9. 9. What is e-Health? E-Health 1 2 3 4 5 Electronic Electronic Electronic Electronic E-Public Health Administrative Financial Clinical Research Systems Systems Systems Systems Systems Electronic Electronic Electronic Population Environmental Safety: Imaging Pharmacy Health Record Health Health Terrorism Systems Systems Systems Alert and Health Promotion Defense PACs Document Caregiver Health Processes Electronic Imaging-based Medical System Record Systems
  10. 10. What is mHealth? ♦ Communication-enabled new ways to communicate with patients and people – Disease management – Effective Care Processes ♦ Allowing people to research health topics – Physicians – People ♦ People and patients to share experiences – From “Summary at Visit to ODLs” ♦ Mobile computing at the point of care ♦ Affecting change in the healthcare system
  11. 11. mHealth Change in Workflow People’s Involvement in Wireless Health Communication and Computing Devices New Financial System New Systems: Decision-support and SPCs Trust and Ease of Use
  12. 12. Problem #1 Patients often see their clinicians only periodically and for short periods of time. They need to remember all health symptoms and health related events (observations of daily living – ODLs) within a very short visit that may be emotionally laden.
  13. 13. Types of Communication 1. Patient to provider (pre-engagement) a. General inquiry b. Appointment c. Insurance coverage or cost 2. Provider-patient interactively a. Appointment confirmation/reminder b. Reason for visit: Agenda c. Referrals and other care management communication, e.g. ‘How r u?’ d. Other 3. Patient education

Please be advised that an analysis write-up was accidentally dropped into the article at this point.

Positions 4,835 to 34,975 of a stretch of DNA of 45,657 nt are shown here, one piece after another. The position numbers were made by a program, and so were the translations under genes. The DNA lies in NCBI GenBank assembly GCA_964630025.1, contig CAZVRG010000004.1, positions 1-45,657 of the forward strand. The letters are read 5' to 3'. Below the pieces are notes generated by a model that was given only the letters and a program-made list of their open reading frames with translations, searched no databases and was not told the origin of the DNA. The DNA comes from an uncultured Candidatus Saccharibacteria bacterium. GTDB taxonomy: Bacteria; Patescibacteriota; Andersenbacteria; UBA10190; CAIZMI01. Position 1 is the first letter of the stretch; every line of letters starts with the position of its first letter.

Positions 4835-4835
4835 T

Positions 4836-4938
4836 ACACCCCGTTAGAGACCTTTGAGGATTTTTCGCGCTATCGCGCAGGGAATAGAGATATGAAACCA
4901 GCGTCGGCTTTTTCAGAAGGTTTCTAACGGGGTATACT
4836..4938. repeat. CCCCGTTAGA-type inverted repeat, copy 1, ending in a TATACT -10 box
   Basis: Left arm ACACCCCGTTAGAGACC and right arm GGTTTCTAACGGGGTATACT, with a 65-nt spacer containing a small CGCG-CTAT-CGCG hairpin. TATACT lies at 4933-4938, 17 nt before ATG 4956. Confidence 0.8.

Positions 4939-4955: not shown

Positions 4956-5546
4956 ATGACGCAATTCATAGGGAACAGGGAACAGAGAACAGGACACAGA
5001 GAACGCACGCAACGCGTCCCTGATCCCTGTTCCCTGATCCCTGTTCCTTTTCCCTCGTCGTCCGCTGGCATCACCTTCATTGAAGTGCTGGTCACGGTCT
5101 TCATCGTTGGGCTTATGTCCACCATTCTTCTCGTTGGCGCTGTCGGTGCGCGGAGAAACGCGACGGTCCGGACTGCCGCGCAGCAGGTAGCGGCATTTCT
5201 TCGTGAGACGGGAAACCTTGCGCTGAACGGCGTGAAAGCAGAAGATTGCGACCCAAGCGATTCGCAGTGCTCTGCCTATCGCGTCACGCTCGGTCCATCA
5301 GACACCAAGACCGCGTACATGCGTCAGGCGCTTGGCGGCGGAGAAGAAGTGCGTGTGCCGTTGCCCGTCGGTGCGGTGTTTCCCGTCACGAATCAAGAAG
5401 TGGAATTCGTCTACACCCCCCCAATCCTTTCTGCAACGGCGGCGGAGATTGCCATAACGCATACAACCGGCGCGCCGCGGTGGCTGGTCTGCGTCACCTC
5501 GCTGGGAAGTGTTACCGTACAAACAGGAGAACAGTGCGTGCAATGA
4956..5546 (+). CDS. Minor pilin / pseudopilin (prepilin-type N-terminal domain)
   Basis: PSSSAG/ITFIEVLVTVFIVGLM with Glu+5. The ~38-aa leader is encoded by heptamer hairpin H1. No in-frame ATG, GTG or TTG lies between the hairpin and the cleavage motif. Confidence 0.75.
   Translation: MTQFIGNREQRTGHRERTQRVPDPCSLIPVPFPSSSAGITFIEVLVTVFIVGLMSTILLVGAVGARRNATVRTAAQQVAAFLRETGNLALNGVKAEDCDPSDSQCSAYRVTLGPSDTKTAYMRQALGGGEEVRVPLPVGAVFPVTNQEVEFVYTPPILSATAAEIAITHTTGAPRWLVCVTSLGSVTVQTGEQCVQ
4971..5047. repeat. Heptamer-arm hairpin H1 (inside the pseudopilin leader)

14. 14. Text Messaging • In general, fewer than 5% of adults are currently able to communicate with their providers electronically • When asked, 62% of adults stated that electronic communication would influence their choice • 75% stated they wanted to schedule appointments electronically • Harris Interactive: Feb. 8, 2007 • 50% of 12 to 24 year olds send or receive text messages • Ipsos: 2007 Credit: Renee McLeod
  15. 15. Text Messaging • Appointments • Medication reminders • General inquiries • Administrative questions • Non-healthcare related communication • Health promotion • Patient-initiated communication – Need to reschedule appointment – Need for prescription refill (?)
  16. 16. Problem #2 Physicians and other practitioners cannot memorize all formularies, guidelines, protocols, health plan instructions, or all of new developments in the scientific body of medicine.
  17. 17. Easy access at the point of care Provide access to web sites through smart phone browsers